Has the “work from home” (WFM) option improved worker’s lives? The results are mixed. On one hand, employees value the flexibility to work from home and companies seem to benefit through increased productivity (though that benefit is subject to some bias). On the other hand, WFM employees are more disengaged and more likely to quit.
Long-time readers will recall that I’ve addressed the linkage between employee engagement and profitability. In a recent Twitter exchange, a friend of mine suggested that the solution is to merge “CX and EX programs into a cohesive whole. Yin and Yang so to speak in balance. Once in balance they feed off each other in a virtuous circle, success breeding success.” (CX is customer experience and EX is employee experience.)
A successful WFH program needs similar balance. WFH can be a positive because it attracts employees and adds flexibility to employees’ lives. It becomes a negative when employees drift away from the community of their co-workers. Here are some recommendations of how to craft a successful work from home program.
- Set days/times when employees must be in the office. Not always possible with a truly remote workforce, but if possible, the networking benefits and teamwork fostered are well worth it.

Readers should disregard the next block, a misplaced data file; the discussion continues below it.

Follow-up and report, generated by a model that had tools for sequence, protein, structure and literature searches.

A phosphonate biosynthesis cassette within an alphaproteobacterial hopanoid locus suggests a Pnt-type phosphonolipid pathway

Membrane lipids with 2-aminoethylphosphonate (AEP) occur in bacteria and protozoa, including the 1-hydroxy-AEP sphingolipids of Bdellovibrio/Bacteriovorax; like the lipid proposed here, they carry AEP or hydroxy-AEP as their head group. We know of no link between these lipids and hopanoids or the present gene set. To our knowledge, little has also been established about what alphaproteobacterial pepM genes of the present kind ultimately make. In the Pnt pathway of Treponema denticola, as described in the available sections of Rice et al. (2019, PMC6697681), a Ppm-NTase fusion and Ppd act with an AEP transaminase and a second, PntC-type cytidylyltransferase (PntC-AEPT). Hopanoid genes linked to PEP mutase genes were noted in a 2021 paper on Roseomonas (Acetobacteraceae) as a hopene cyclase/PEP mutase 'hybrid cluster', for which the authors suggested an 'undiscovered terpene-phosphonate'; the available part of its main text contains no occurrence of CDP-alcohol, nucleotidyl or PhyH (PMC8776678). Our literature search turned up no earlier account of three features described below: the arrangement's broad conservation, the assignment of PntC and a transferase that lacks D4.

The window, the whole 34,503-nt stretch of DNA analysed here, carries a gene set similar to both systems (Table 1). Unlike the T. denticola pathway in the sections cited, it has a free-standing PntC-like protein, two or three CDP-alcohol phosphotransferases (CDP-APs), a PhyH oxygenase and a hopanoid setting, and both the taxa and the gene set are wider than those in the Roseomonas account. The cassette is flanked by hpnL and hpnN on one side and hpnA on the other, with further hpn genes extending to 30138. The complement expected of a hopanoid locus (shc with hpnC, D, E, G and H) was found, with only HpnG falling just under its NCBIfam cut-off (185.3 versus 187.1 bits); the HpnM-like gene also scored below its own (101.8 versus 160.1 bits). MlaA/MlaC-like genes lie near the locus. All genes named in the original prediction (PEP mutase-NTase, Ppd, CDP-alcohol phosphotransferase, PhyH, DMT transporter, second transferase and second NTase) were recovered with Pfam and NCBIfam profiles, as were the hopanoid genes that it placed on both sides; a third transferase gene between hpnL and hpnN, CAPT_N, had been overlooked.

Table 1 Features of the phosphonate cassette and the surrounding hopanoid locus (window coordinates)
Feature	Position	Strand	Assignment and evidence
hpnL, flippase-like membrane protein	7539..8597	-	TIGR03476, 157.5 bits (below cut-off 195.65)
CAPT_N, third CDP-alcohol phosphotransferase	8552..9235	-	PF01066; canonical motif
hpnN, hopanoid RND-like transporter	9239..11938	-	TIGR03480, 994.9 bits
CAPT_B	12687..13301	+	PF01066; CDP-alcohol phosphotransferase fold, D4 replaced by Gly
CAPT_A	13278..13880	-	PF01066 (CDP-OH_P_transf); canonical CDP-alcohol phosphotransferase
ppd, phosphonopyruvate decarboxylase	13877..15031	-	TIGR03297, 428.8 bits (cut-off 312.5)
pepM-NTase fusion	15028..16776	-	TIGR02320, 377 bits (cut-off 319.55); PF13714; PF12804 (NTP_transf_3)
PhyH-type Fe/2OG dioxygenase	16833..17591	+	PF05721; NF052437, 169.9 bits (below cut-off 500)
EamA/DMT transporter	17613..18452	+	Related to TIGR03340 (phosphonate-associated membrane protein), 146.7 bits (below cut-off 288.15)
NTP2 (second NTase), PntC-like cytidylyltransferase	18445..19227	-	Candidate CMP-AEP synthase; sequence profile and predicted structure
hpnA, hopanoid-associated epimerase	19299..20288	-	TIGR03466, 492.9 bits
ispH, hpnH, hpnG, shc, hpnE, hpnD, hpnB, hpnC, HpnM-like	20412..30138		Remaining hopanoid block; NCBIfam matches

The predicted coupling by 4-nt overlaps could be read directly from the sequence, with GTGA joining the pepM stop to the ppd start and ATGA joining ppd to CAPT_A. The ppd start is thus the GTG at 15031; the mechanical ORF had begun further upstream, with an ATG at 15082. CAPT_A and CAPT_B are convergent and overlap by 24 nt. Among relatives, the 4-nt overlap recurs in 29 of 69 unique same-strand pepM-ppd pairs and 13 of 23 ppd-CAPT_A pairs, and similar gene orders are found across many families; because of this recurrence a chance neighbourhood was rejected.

- Define what overuse looks like and stand by those guidelines. Basically, we’re trying to prevent someone from sliding down the slippery slope that leads out your doors to a competitor!
- Offer the program! What can I say? Even if employees become disengaged, they think they want it… so you have to offer it.
- Ensure each employee has a face-to-face interaction with their manager several times a year. Companies that try to save money by skipping the interaction are short-sighted – and well on their way to higher than needed employee turnover.
- Supplement those meetings with video conferences. I am a vidconvert (new word… video conference convert… think it will catch on?). Once you’ve established a personal relationship, vidcons are effective ways to communicate. Reading expressions such as disappointment, confusion, happiness, concern, etc. are useful tools to helping employees and managers work better together.
When all is said and done, the answer to my rhetorical question above is, “not much.” The pivot point is that by deliberately setting up parameters for employees (to give flexibility) and responsibilities for management (to provide ongoing support), the balance can be incredibly rewarding for employees, companies, and shareholders alike.